Washington, Feb 1 : Cross River gorillas in Cameroon have been spotted hurling clumps of grass or tree branches at human intruders, a man-like behaviour which has never earlier been observed in the animal.
According to National Geographic News, researchers documented three cases in which the gorillas on Cameroon's Kagwene Mountain used the vegetation as "weapons" against human intruders, who had provoked them.
"At first we didn't think too much of it, but then we realized that this is quite remarkable," said Jacqueline Sunderland Groves, who established the Wildlife Conservation Society research team working in the area.
"I don't think gorillas have been documented using this kind of weaponry before in the wild," she added.
In one of the three documented instances, the researchers observed a local hunter stumbling upon a group of gorillas. When the hunter tried to scare off the gorillas by banging his machete on the ground, the group stayed put.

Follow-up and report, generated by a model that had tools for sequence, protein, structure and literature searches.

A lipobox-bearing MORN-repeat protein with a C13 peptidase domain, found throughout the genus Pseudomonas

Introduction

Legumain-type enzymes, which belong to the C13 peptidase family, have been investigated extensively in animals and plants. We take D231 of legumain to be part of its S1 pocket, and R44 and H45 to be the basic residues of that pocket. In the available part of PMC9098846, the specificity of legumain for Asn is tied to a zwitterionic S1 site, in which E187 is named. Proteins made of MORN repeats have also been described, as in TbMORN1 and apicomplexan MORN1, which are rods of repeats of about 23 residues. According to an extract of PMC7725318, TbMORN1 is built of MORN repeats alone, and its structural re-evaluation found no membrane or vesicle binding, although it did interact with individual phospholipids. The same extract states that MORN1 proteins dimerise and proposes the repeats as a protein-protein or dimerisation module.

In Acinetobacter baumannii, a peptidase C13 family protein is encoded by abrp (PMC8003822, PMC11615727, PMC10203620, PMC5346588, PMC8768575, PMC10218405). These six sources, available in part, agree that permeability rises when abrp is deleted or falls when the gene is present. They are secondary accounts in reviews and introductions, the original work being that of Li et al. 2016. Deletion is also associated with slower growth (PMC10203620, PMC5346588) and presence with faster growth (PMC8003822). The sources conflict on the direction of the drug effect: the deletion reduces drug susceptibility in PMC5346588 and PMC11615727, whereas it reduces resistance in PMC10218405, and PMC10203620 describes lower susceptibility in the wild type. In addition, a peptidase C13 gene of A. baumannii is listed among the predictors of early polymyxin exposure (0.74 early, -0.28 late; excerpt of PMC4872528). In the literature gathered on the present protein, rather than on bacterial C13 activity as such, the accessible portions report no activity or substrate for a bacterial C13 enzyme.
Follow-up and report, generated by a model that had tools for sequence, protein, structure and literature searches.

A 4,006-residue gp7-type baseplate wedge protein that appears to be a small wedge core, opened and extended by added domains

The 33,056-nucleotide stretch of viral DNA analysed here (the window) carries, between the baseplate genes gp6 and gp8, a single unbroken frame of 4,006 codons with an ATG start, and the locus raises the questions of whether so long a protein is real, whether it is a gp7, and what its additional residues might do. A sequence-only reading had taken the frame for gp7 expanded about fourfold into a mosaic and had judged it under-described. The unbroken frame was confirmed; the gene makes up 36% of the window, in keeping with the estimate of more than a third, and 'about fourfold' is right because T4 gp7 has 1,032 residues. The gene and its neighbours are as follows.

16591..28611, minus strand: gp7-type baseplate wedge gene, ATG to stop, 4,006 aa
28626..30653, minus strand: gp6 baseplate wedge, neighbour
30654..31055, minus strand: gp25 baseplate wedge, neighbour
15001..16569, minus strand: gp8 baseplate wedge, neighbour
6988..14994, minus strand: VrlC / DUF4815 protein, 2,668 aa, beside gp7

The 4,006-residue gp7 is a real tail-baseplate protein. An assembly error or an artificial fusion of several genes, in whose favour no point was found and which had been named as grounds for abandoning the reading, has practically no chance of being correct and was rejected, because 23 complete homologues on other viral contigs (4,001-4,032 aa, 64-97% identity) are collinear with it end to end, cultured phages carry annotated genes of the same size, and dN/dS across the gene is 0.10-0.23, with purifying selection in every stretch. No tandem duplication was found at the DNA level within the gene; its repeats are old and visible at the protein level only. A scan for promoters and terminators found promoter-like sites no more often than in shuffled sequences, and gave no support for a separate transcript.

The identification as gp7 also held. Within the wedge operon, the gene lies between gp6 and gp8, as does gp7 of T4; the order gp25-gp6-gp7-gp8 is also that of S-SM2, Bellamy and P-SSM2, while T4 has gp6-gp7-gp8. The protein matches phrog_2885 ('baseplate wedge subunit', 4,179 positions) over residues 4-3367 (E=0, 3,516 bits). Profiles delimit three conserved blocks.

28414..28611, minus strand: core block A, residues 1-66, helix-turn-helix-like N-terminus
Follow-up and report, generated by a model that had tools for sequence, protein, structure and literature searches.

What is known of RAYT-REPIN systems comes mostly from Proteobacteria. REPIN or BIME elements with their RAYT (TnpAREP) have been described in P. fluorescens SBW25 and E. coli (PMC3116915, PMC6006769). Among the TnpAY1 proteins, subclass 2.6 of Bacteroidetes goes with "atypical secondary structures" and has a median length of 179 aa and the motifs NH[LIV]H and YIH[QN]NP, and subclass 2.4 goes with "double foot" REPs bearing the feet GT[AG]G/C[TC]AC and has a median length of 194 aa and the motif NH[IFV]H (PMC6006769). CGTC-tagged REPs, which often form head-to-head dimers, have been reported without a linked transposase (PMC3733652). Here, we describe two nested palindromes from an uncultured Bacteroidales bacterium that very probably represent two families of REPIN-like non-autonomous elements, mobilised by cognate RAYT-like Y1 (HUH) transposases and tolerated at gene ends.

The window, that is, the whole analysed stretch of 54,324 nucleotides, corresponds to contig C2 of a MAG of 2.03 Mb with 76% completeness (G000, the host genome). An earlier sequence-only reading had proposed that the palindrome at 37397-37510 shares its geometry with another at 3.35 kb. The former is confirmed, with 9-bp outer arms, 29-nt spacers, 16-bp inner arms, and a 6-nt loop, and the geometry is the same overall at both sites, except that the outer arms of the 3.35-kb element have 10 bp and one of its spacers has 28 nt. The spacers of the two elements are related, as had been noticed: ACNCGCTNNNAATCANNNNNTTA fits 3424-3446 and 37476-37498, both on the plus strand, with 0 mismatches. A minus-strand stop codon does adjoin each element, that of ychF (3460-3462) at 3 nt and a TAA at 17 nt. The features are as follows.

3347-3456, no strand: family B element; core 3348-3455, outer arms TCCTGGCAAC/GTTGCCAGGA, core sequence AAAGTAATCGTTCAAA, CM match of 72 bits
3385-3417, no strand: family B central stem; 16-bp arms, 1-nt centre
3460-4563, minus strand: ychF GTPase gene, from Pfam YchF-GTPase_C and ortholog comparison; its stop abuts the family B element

The unexpected thing about the incident was that when the hunter began picking up stones and throwing them at the gorillas, the gorillas responded by picking up chunks of grass and throwing them back at the hunter.
"This went on for an hour," said Sunderland Groves. "The gorillas seemed more curious than frightened," she added.
As for an explanation for this unusual behaviour, scientists suggest that the animals might have learned it from interactions with humans.
According to the researchers, the highly endangered gorillas' mountainous habitat reaches into farms and the animals might have come into at least visual contact with humans fairly regularly.
"These gorillas are surrounded by so many people, maybe throwing things is part of their learned behavior," said Groves.
Great apes have long been known to use tools. Many studies have shown that wild chimpanzees use a variety of objects, including sticks and rocks, for foraging and other activities.
Though the apes have been observed throwing objects at predators or rivals before, there is no documentation of western gorillas using tools in an aggressive way, which makes the Cameroon observations the first of its kind.
"This new observation certainly merits further follow up and contributes to our growing understanding of gorillas' tool-use abilities," said Elizabeth Lonsdorf, director of the Center for the Study and Conservation of Apes at the Lincoln Park Zoo in Chicago.